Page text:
Film & TV
A key part of Mike Bloomberg’s strategy to diversify New York City’s economy and make it less dependent on Wall Street was to expand the film and TV industry. For the 2012-2013 season, after major studio expansions, a record 23 primetime episodic shows were filmed in the City, and in 2012, the growing industry employed 130,000 New Yorkers.
A record 27 primetime episodic shows were filmed in NYC for the 2012-2013 season.
In 2012, the film and TV industry employed 130,000 New Yorkers.
The expansion of Kaufman Astoria Studios in 2012 was the first back lot for film production in NYC; Steiner Studios is also expanding.
A record 27 primetime episodic shows were filmed in NYC for the 2012-2013 season; over 260 films were shot in New York in 2012.
Record Number of Jobs in the Film and Television Industry
The number of New Yorkers employed in the TV and film industry grew from 100,000 in 2004 to 130,000 in 2012.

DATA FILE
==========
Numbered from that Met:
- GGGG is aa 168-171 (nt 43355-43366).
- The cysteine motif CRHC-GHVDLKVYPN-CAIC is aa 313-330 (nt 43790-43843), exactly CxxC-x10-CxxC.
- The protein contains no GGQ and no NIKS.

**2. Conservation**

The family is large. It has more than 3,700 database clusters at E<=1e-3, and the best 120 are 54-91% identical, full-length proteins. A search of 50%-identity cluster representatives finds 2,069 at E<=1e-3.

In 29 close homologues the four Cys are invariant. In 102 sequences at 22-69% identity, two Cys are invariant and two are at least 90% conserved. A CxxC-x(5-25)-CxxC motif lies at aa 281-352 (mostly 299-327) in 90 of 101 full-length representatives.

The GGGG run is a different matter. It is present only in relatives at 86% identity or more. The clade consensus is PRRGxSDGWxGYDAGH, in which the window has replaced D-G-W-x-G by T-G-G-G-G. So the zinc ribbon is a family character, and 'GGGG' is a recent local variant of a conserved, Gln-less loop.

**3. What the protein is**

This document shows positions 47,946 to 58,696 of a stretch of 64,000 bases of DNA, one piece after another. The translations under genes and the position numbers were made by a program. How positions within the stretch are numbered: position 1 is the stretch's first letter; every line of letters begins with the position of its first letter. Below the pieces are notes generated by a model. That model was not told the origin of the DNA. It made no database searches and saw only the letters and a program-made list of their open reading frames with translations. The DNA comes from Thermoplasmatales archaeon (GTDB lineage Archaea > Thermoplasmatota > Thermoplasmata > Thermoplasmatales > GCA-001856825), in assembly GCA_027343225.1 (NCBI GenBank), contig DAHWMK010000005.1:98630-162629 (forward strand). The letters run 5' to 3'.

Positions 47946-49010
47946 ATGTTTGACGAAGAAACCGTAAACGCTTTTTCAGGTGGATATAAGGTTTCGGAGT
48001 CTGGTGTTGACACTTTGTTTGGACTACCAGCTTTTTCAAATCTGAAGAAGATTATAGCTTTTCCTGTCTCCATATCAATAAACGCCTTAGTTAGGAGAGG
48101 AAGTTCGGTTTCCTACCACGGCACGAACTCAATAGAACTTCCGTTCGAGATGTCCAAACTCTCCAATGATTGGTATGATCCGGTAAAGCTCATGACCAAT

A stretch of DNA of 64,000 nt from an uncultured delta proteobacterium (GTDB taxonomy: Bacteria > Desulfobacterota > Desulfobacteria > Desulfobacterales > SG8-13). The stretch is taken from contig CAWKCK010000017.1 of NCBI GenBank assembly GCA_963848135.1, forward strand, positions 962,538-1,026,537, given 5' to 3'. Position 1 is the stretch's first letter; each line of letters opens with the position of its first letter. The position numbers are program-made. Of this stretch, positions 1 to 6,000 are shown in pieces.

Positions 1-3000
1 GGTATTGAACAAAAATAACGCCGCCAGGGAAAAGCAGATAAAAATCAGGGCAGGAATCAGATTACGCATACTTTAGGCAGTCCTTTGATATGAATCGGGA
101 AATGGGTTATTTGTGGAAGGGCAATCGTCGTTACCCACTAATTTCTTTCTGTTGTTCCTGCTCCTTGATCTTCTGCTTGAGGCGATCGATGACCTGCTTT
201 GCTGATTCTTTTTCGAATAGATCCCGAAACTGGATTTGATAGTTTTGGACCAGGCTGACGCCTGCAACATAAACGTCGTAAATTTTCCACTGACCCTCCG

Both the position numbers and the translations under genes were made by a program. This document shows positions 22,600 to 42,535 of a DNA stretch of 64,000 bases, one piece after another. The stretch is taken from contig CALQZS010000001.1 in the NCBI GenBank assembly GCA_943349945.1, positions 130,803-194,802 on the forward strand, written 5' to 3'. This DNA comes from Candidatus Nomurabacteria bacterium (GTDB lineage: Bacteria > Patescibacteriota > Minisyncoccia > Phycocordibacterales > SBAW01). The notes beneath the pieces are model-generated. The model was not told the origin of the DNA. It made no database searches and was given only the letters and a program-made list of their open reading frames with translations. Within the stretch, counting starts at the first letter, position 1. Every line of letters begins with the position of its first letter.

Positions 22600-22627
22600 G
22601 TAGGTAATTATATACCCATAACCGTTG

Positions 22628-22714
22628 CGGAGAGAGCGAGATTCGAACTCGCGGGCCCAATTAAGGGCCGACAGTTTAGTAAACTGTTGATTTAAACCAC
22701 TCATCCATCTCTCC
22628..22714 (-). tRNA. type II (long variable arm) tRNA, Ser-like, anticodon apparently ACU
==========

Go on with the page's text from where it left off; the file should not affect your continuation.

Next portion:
"Made in NY"
"Made in NY"
The Bloomberg administration developed a program to recognize film and television productions that complete 75% of their work in New York City. “Made in NY” productions had access to free advertising on subways, Taxi TV, and in bus shelters.
The “Made in NY” Local 817 Scholarship Fund at CUNY’s NYC College of Technology was created to fund the junior and senior years of a select group of students each year. In addition, more than 300 minority “Made in NY” production assistants were certified through 2013.
The “Made in NY” discount card was issued to productions shooting in NYC and was designed to make business-to-business connections between the City’s 4,000 ancillary businesses and film and TV professionals.
"Made in NY" Digital Media Center
The City opened an incubator and educational space for established and emerging digital media companies.
Online Film Permits
NYC was the first city to issue online film permits.
NYC became the first city to create a tax credit to attract new production.
Tougher piracy penalties and a public awareness campaign helped to combat film piracy.
First Back lot in NYC
The Bloomberg administration supported the expansion of Kaufman Astoria Studios to create the first open back lot for film production in NYC, and the expansion of Steiner Studios at the Brooklyn Navy Yards.